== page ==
Dutch Men Hold Hands Against Anti-LGBT Violence

A married couple was attacked by a group of young men while holding hands at night in the city of Arnhem. Straight Dutch men have launched a campaign to hold hands in solidarity.

From politicians to police to priests, heterosexual men from the Netherlands have been showing their opposition to anti-LGBT violence by holding hands in public. These displays have taken place not only at home but in the UK, the US and Australia in solidarity with a gay couple that was assaulted in the city of Arnhem over the weekend.

Under the hashtag “allemannenhandinhand” (all men, hand in hand), the campaign began at the suggestion of media entrepreneur Barbara Barend.

After the news of the attack in Arnhem spread, Barend asked on Twitter for “all men (straight and gay)” to “please walk hand in hand.”

The first major figures to take up the call were lawmakers Alexander Pechtold and Wouter Koolmees (pictured above) of the D66 party, who held hands on their way to a political meeting in The Hague.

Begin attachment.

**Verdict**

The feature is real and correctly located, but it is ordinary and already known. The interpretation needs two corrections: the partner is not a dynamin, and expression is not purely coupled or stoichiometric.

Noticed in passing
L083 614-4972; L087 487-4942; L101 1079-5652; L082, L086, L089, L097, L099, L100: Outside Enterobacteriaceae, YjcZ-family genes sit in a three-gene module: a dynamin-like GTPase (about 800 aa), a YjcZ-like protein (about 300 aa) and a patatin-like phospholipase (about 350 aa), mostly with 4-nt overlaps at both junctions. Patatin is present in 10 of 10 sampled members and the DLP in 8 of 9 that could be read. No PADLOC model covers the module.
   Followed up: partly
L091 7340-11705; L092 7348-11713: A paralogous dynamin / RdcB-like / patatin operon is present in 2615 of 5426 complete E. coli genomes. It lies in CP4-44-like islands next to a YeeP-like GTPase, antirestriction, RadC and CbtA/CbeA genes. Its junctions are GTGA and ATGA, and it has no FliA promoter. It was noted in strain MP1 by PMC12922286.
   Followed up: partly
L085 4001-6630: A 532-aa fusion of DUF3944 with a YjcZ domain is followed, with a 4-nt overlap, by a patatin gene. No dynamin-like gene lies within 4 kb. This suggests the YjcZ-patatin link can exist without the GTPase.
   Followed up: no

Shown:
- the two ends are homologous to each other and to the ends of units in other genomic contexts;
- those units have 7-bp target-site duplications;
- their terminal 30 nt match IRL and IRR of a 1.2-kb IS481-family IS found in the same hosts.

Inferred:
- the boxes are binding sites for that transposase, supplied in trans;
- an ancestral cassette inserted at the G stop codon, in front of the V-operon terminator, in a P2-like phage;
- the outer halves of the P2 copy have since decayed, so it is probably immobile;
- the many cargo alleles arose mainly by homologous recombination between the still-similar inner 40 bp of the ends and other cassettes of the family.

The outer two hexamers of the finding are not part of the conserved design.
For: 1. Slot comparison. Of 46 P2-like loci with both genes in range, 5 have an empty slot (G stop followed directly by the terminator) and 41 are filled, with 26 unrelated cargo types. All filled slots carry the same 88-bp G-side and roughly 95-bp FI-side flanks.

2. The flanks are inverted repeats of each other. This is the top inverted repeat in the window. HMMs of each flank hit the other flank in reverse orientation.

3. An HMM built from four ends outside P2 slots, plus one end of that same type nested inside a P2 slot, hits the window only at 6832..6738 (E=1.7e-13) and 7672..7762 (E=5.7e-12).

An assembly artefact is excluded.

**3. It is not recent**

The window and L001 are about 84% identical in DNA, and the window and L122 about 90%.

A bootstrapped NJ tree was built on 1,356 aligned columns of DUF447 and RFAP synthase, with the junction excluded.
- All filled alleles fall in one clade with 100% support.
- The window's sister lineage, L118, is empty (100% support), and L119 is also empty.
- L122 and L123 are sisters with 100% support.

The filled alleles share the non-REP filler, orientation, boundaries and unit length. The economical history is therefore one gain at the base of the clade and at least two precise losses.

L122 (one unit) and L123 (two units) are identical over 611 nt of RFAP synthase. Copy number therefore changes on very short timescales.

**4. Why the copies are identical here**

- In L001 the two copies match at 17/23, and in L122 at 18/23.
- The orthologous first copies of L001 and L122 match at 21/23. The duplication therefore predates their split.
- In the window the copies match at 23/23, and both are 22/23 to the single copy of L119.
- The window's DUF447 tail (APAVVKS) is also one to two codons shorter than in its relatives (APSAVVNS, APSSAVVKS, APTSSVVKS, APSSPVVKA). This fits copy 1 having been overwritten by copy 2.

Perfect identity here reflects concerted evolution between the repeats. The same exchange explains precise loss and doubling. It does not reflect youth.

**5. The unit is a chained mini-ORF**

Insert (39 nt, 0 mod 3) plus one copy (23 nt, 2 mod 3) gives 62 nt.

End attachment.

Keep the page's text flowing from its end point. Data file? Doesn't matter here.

Their actions were soon echoed by the Dutch mission to the United Nations in New York, the Dutch Embassy in London and in Canberra.

The violence that sparked the event has shaken the Netherlands, the first nation to enshrine marriage equality and where the crime rate is relatively low. According to a police statement, married couple Jasper Vernes-Sewratan and Ronnie Sewratan-Vernes were assaulted on Sunday night at around 4 a.m. local time. The two men, 31 and 35, were set upon by a group of teenagers with box cutters. The pair was injured and had some of their teeth knocked out.

The six young men, four of whom are now in custody, were between the ages of 14 and 20, and according to the victims, verbally and then physically attacked them because they were holding hands.

Dutch news agency ANP wrote, however, that one alleged perpetrator disputes this version of events. Gerald Roethof, a lawyer for one of the underage suspects, said that his client claims he and his friends were hit first.

“We don’t usually hold hands in public,” Ronnie Sewratan-Vernes told Dutch news outlet NOS, “for the very reason we don’t want to provoke people. But we’d had a nice evening, it was late and we thought we were alone.”

Following the politicians’ lead, social media was flooded with pictures of other Dutch men holding hands to protest homophobic violence. This included doctors, policemen, ministers and even soccer club NEC Nijmegen:

“We think it is quite normal in the Netherlands to express who you are,” Alexander Pechthold said.